“Sure thing, miss. Just rest here a while,” the man said. He dropped his pack with a loud jangle, then sat on top of it.

“What’s a Jargon?” she asked once she’d caught her breath.

“Jargon live in the swamps. They feed on attention. If they can’t get that, they’ll settle for fear and confusion.”

“But the first one was so friendly! I just talked to it a little and it started following me.”

“That’s how it starts,” he said. “A little Jargon doesn’t look like much. Some people even keep them as pets. But they form packs, and they are very dangerous.”

“That’s terrible!”

He shrugged. “What can you do? Stand your ground and act confident. If you show any fear, a pack of wild Jargon will run you right over.”

“What did you say to make them leave?”

“I have no idea. It sounded good, though, didn’t it?” he said. “So what’s your name, miss?”

“My name is Laurie. I think I’m lost.”

“That’s wonderful!” the man said. “I’m lost too.”

“Oh no! You mean you don’t know where you are?”

“No, I know exactly where I am.”

“So you don’t know where you’re going?”

“I know exactly where I’m going. I’m on the way home.”

Laurie was almost too confused to feel confused. “But if you know where you are,” she said, “and you know where you’re going, how can you be lost?”

“Because I don’t know how I’ll get there,” the man grinned. “I’m a Wandering Salesman.”

“A Wandering Salesman? What’s that?”

“We wander from town to town, selling and buying. There are two rules: You have to visit every town before going home, and you can’t visit any town twice. Every road is the road home except the road behind me.”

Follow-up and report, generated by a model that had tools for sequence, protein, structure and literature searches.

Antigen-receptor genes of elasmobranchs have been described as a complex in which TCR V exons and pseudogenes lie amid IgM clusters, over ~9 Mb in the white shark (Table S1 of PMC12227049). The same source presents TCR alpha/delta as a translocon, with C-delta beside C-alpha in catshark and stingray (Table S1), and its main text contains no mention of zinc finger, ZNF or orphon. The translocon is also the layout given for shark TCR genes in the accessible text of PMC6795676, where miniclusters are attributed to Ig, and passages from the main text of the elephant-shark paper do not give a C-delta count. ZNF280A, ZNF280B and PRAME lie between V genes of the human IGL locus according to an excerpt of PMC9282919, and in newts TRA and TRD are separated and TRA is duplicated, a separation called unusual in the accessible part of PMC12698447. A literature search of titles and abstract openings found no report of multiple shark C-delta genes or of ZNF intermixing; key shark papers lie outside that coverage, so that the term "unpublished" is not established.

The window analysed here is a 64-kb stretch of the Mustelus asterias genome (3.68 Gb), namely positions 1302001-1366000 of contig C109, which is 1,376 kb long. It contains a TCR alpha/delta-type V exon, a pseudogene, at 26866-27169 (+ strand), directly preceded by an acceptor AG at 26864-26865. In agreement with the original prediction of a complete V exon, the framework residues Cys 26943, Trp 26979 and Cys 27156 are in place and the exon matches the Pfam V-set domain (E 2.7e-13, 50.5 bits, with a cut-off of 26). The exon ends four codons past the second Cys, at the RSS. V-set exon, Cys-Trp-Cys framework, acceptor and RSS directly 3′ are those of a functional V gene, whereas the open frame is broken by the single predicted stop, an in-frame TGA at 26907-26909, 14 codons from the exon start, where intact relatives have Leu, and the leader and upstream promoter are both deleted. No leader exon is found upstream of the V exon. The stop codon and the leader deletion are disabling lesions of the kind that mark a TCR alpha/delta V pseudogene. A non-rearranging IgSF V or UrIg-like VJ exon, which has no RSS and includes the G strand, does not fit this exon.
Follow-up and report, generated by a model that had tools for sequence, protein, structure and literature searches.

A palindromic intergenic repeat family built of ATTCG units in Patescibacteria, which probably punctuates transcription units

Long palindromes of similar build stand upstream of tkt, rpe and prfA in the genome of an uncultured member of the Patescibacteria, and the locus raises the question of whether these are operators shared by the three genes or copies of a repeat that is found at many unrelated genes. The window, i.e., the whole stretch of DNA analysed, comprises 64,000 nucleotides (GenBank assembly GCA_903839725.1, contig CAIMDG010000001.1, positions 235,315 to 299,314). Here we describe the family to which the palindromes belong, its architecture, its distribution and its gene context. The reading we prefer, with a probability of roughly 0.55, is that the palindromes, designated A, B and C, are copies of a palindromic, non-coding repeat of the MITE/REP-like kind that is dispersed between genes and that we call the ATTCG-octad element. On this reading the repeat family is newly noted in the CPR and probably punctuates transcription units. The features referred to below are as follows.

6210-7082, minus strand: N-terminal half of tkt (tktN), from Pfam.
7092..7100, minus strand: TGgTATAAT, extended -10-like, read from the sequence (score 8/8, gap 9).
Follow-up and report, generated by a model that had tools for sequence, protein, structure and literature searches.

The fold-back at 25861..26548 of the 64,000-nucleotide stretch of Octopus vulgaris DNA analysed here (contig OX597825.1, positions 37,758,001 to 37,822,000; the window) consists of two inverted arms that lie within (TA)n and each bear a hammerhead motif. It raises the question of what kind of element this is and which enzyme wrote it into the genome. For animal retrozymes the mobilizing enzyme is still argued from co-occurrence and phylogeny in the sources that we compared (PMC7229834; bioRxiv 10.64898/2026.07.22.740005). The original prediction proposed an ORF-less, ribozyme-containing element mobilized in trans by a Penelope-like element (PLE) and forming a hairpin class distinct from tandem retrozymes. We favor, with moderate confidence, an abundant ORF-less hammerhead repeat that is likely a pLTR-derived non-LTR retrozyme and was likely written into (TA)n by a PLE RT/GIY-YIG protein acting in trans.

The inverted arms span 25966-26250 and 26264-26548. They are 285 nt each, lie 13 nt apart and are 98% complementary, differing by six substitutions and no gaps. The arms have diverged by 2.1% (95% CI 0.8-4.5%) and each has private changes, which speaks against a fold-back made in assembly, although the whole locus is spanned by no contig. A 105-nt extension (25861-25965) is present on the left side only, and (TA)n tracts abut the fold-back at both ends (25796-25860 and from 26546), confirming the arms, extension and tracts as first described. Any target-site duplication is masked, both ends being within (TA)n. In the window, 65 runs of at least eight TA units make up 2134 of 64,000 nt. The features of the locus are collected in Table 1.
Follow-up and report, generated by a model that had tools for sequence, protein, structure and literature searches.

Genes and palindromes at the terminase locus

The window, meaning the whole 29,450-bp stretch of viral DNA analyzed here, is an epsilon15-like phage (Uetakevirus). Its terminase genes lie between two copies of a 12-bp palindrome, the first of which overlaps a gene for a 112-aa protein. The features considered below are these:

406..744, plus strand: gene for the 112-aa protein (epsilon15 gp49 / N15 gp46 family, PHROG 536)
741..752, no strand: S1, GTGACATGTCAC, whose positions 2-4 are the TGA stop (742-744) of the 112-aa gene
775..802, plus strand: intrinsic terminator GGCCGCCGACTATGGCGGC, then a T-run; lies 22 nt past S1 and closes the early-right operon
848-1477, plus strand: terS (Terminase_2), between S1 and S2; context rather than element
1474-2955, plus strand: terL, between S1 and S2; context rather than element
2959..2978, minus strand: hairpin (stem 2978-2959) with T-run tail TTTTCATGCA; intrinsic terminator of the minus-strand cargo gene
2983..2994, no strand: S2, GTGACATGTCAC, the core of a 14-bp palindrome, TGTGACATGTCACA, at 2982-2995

“So you always go to the next place you’ve never been to?” she asked.

“That’s right! You’re guaranteed to get home eventually,” he said. “It’s only logical. Along the way I’ve seen the sunrise over the Towers of Hanoi and climbed the Upper Bounds. I’ve sat down at the Lookup Table and floated on the Overflow River. It’s a good life. Being lost can be fun!”

At present you can read (what I presume to be) the first chapter – Mostly Lost – and you can preorder the book.  Which will be available in both physical and digital formats, and hopefully in languages other than English too.  And, because it’s a Kickstartr project, you can pledge anything over a dollar, as as much more than that!

I pledged enough to get me an advance copy, and can’t wait for more!

———–

A story about computer science
and other improbable things.

*Or Beer Ipsum.  Or Bacon Ipsum.  Or Hipster Ipsum. Or Liquor Ipsum. Or Gangsta Ipsum. Or Vegan Ipsum. Or Veggie Ipsum. Or Tuna Ipsum. Or Samuel L. Ipsum. Or Bogan Ipsum. Or, even, Corporate Ipsum.  The list goes on. And on. And on. And on. And on. (As, apparently, does my ever-worsening RSI).

** Apparently it is a kids’ book.  Thankfully I define myself quite firmly as a kid.  Phew.

  • http://sethop.com Seth Wagoner

    Fantastic. The world needs more books like this. Reminds me a little of Godel Escher Bach, which was of course targeted at older audiences, but had similar amusing stories / dialogues to illustrate the points he was trying to make – not all of which were immediately apparent, which was one reason he wrote “I am a Strange Loop” as a followup – and of course, it also referenced various computer science subjects.